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Oil futures were mixed on Wednesday even as the threat of new sanctions on Russia raised supply concerns, and fears of weak demand from US crude stockpiles build-up and extended lockdown in China cast a long shadow on the market.
Brent crude futures were up 11 cents, or 0.1 percent, at $106.75 a barrel at 0339 GMT, having fallen to $105.06 earlier in the session.
US West Texas Intermediate futures fell 11 cents, or 0.1 percent, to $101.85 a barrel, after dipping to as low as $100.37 in early trade.
EU proposes Russian coal import ban
Meanwhile, amid the ongoing tensions in Ukraine, the EU Commission has proposed new sanctions against Russia, including a ban on buying Russian coal and allowing Russian ships to enter European ports.
The governing body is also planning to ban all oil imports from Russia.
Cuba faces fuel shortage
According to analysts, Cuba is struggling to cover a fuel deficit as imports from Venezuela and other countries remain below historical levels. Global prices boosted by Russia’s invasion of Ukraine make purchases almost unaffordable.
The Caribbean country, which is dependent on fuel imports mostly from political ally Venezuela to cover more than half of its demand, is since last month dealing with diesel and gasoline shortages leading to long lines in front of stations.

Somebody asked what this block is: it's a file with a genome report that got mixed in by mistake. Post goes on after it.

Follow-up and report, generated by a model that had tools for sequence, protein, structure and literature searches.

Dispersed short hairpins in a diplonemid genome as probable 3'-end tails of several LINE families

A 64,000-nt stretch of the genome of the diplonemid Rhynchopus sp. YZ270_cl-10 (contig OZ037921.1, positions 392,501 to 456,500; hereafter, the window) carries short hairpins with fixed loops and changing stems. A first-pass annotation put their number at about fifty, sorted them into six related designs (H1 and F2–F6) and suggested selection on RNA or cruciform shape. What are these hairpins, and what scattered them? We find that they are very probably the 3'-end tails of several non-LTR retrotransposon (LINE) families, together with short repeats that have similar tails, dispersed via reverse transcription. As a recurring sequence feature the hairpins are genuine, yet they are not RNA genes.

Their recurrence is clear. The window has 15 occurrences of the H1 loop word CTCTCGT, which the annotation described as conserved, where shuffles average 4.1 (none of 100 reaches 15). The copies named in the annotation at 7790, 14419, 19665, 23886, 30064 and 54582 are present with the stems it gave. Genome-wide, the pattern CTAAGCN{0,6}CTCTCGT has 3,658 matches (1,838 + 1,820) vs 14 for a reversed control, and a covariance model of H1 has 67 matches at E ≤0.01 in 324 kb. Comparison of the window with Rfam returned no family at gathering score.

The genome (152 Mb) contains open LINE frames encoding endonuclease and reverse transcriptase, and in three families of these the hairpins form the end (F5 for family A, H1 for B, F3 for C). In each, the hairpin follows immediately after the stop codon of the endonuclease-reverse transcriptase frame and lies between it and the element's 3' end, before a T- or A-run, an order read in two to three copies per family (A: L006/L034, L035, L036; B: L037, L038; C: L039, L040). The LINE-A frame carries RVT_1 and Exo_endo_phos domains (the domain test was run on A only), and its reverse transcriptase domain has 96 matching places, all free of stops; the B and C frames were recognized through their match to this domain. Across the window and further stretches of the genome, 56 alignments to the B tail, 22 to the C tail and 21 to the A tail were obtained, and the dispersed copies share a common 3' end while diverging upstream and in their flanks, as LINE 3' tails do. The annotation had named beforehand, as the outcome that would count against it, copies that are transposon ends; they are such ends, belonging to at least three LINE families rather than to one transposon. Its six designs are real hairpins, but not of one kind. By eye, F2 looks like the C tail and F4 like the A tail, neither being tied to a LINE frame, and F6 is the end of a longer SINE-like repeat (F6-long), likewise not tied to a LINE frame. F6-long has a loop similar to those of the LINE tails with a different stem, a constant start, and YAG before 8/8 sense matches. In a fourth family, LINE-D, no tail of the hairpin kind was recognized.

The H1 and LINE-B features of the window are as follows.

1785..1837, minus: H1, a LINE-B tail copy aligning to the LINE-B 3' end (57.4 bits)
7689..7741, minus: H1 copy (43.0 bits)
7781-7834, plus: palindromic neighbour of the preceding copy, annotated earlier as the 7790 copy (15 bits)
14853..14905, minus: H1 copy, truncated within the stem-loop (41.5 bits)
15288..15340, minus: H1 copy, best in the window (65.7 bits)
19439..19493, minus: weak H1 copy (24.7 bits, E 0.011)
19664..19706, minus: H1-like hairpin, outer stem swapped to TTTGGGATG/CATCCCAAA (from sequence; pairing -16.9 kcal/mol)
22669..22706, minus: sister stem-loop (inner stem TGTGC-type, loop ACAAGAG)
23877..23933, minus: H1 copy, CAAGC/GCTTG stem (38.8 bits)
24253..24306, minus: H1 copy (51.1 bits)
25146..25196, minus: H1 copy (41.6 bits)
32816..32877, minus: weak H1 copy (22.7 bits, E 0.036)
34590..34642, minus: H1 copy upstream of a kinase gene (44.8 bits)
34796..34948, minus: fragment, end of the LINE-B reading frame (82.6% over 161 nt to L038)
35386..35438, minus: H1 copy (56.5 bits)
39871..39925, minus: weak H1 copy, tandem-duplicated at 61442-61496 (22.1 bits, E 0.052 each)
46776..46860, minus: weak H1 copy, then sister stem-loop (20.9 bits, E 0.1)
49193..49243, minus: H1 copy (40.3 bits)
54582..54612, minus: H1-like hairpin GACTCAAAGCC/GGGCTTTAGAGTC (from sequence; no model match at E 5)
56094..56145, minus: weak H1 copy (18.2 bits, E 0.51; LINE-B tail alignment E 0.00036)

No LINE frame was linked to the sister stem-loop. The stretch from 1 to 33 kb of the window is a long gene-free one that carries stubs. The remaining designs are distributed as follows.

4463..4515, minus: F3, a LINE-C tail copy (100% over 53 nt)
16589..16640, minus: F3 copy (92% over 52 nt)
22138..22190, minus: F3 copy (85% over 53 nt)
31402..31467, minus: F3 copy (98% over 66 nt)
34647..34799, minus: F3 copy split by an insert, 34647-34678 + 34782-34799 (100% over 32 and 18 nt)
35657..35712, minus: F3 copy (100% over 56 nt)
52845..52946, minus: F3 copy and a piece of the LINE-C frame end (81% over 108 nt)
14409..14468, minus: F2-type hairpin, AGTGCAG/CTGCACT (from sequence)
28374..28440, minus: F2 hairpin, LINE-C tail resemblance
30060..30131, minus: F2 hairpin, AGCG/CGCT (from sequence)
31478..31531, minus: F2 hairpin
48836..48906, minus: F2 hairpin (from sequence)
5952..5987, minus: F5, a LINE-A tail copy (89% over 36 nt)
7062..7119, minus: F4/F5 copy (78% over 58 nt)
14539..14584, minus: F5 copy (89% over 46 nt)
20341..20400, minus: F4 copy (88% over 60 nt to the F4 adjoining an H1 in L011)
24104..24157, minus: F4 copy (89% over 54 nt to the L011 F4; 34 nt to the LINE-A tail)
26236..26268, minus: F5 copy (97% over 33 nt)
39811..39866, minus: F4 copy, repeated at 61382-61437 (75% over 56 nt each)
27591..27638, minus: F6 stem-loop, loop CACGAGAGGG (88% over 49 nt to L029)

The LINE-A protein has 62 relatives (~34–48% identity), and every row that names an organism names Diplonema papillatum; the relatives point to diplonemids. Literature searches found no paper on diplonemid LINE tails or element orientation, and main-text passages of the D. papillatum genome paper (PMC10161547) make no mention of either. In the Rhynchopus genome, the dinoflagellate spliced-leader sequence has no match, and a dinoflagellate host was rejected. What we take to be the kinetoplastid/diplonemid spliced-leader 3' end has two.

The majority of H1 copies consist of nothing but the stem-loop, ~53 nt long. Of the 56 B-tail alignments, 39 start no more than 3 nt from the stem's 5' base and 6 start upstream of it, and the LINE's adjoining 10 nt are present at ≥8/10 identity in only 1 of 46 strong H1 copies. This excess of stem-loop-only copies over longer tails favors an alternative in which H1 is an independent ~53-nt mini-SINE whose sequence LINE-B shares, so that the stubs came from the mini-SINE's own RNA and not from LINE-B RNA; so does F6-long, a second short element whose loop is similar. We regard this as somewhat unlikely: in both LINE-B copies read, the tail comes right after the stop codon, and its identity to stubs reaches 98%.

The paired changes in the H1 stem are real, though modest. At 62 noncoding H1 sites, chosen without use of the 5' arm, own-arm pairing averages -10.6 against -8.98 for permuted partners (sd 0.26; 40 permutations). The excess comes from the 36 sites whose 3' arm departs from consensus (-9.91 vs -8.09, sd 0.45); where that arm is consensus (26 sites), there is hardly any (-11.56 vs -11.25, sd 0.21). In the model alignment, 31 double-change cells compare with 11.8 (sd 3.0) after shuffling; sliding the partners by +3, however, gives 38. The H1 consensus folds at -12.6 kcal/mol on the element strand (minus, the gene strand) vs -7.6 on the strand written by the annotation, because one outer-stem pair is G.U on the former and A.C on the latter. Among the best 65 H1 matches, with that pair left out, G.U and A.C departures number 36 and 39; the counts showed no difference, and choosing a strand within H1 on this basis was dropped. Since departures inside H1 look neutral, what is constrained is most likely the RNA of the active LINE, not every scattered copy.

Insufficient fuel import is another major hurdle for Cuba’s economy, which is struggling to recover following the coronavirus pandemic and harsher US sanctions imposed by the administration of former President Donald Trump.
Netherlands to further reduce the use of Russian oil
Dutch imports of Russian oil and coal have fallen due to the war in Ukraine, the Minister for Climate and Energy Rob Jetten said on Tuesday, adding that he would outline the government’s plan to reduce Russian energy dependence further later this month.
In a letter to parliament, he said he was “calling on companies to limit the import of Russian oil and coal as much as possible.”
Among significant energy users in the Netherlands, Tata Steel has stopped using Russian coal.
At the same time, Shell, which operates the Pernis oil refinery, Europe’s largest, halted purchases of Russian crude in March.
Iraq’s March oil output falls
Iraq pumped 4.15 million barrels per day, or bpd, of oil in March, 222,000 bpd short of its production quota under an agreement with other OPEC+ producers, data from state-owned marketer SOMO showed on Tuesday.
Iraq’s March output fell by 112,000 bpd from February, the data showed.
Like several other OPEC members, Iraq is struggling to pump more oil at a time of already tight global supply and soaring prices.
(With inputs from Reuters)
Non-oil sectors in Gulf unaffected by Russia’s invasion of Ukraine, March PMI suggestsOil exports help Saudi Arabia’s current account touch $26bn in 4Q of 2021
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